New issue of Spark looks at how everyday tech is being re-deployed to improve patient care
Since the world’s first ever text message in 1992, mobile communication has grown at an unprecedented rate with Canadians now sending 547 million messages a day.
When used creatively, everyday technologies such as text messaging that are already embedded in our daily lives can offer simple, low cost and user-friendly solutions with the potential to improve care, increase efficiency in the health system and offer patients the support they need, when they need it.
In issue six of Spark, we explore the work of three MSFHR-funded researchers who are assessing the potential of mobile health technologies to support care providers and patients and improve patient outcomes. Their stories illustrate how, by putting existing tools to use, we can support the ever-growing patient population, open up personal communication channels between care providers and patients, and engage patients in their care journey.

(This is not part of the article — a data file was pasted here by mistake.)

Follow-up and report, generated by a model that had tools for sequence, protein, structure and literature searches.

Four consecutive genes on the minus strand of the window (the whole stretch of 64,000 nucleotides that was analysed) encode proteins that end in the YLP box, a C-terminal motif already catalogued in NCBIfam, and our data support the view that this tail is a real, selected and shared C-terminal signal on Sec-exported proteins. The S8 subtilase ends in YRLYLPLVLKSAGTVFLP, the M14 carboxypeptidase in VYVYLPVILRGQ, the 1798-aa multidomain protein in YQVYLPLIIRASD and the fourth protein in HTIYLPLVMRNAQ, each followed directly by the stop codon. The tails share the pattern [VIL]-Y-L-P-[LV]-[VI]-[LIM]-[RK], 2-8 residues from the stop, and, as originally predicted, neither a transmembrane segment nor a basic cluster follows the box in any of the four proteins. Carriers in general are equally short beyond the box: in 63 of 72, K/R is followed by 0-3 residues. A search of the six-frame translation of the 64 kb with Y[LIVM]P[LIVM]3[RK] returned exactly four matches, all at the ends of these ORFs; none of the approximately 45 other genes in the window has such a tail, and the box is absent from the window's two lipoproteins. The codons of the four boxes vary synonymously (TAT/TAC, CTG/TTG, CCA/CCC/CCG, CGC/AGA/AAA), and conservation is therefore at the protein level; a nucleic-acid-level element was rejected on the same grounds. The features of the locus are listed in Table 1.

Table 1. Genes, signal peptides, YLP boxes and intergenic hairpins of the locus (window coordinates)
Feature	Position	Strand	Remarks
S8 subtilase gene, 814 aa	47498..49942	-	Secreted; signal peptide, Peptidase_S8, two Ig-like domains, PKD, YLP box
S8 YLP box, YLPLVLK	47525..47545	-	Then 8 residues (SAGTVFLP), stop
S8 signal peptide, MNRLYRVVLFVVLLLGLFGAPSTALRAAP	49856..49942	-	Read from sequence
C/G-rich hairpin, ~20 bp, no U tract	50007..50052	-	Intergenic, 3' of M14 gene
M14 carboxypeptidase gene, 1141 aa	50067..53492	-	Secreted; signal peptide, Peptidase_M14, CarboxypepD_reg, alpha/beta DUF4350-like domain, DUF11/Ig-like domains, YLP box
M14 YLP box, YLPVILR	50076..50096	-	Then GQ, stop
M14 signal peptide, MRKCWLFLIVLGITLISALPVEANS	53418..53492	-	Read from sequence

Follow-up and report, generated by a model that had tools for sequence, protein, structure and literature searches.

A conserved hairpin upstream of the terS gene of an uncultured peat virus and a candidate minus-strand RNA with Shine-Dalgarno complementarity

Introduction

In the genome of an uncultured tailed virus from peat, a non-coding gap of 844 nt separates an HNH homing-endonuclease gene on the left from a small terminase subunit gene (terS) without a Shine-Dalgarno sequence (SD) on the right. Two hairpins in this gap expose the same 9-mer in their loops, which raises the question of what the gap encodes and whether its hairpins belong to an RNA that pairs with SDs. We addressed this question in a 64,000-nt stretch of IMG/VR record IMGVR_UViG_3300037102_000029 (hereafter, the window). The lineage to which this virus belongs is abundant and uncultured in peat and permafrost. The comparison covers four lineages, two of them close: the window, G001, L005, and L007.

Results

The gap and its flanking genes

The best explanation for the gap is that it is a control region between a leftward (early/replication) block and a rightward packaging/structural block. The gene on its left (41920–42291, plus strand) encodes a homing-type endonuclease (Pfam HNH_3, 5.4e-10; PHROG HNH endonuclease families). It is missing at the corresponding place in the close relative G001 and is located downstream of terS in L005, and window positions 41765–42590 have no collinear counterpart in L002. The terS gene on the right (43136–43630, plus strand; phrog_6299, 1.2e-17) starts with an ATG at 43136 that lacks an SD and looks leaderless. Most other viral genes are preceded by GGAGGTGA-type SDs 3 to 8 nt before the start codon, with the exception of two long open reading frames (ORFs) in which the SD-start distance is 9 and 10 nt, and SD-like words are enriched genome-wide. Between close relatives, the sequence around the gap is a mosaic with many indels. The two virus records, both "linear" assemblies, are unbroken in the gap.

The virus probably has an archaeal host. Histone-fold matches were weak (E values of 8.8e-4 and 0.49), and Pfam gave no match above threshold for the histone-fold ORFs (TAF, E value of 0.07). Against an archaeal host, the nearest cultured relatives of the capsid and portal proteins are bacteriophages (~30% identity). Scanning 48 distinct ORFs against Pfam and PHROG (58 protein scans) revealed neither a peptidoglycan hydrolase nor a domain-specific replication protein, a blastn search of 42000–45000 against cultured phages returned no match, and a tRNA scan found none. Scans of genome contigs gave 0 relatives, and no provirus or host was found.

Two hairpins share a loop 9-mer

Chapter 1: Never too far When you’ve spent an extended period of time in hospital, going home can be terrifying. Dr. Kendall Ho is evaluating home monitoring tools to support patients during this difficult transition period.
Chapter 2: Three little words A friendly ‘How are you?’ text can open the door and help patients ask for the support they need, when they need it. Dr. Richard Lester has shown the effectiveness of this tactic to improve medication adherence and health outcomes for patients with HIV.
Chapter 3: Small steps for big changes How do you help 5.7 million Canadians stick to healthy habits? Dr. Mary Jung is researching how fitness apps and counselling can support healthy habits and reduce the risk of type 2 diabetes.